May 14 (Tuesday) Lasdon Park We will learn about the Park and its marvellous plantings which should be in FULL BLOOM and spectacular. We will also have the opportunity to see the work being done with the American Chestnut Trees we learned about last summer
June19 Mianus River Gorge Preserve. We will learn about the Deer Management Program they have undertaken over the last several years and the difference it has made in the undergrowth of the Preserve
September 18th meeting will be at the Ryder Farm. This Certified Organic Grower is located at 400 Starr Ridge Road, Brewster, N.Y. Betsey Ryder will be our speaker and will tell us about this farm which has been in their family and operating since 1795. Should you wish to learn more before we meet there, you can do so at RyderFarmOrganic.com
The October 16th meeting will at The Science Barge which is moored at the foot of Dock Street, Yonkers. The Science Barge is a fascinating environmental educational training facility sponsored by Groundwork Hudson Valley. It is a self contained environment, powered by both wind and sun with rain water captured and used to sustain the plants both outside and inside their greenhouse.
(A small sign says Bylane Farm Bedford Audubon Society in front of the house while on the south side of the road a larger one says Hunt parker Sanctuary. Parking is in the field on the south side of Todd Road. Tel. 232-1999.)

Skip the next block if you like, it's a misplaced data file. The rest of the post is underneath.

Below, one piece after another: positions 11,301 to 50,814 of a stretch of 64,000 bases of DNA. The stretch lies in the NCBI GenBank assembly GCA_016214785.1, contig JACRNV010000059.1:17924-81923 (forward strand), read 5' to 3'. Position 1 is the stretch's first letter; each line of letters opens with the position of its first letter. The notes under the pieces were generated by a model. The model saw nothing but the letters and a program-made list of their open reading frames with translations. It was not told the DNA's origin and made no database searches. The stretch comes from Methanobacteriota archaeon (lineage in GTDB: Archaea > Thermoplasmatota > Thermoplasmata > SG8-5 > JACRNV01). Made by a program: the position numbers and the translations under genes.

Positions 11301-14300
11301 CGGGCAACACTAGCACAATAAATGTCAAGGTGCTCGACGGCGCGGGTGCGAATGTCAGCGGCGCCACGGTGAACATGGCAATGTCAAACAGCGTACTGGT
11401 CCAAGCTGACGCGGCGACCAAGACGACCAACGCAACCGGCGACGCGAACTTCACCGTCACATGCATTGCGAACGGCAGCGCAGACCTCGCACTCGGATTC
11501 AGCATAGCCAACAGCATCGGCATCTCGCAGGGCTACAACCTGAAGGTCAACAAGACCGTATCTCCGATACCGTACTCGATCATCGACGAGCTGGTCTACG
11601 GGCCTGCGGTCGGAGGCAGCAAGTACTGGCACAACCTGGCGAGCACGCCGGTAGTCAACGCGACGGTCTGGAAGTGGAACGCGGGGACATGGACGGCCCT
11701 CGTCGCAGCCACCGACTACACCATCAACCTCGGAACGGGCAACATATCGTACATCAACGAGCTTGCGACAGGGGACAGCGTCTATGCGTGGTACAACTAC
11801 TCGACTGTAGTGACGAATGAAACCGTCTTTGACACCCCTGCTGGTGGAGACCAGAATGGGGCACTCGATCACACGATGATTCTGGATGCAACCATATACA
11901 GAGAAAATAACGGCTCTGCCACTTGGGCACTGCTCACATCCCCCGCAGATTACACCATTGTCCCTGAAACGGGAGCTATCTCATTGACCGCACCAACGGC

May 16, 1:30 PM
To reach ECO Shrimp Farm proceed north on the Saw Mill River Parkway which turns into Interstate 684. Exit onto Route 84 West going over the Newburgh Beacon Bridge (Also called the Hamilton Fish Bridge).
Take the first exit on your right after crossing the Hudson River - turn left onto Robinson Avenue. Proceed to Broadway (a wide Street). Turn left onto Broadway and then a right turn onto Liberty Street. Proceed on Liberty Street until you reach South William Street where you turn right.
ECO shrimp at 99 South William Street is on your left. The building is marked only by a small sign on the glass entry door - look for two street level staircases and the "farm" entrance is in the middle.You can park on either side of South William Street. It will take an hour or perhaps a shade more to reach ECO from Mt. Kisco.
Note- the area beginning where you turn off of Broadway onto Liberty Street is an increasingly depressed area. However, I feel it is safe, but I plan to lock my car!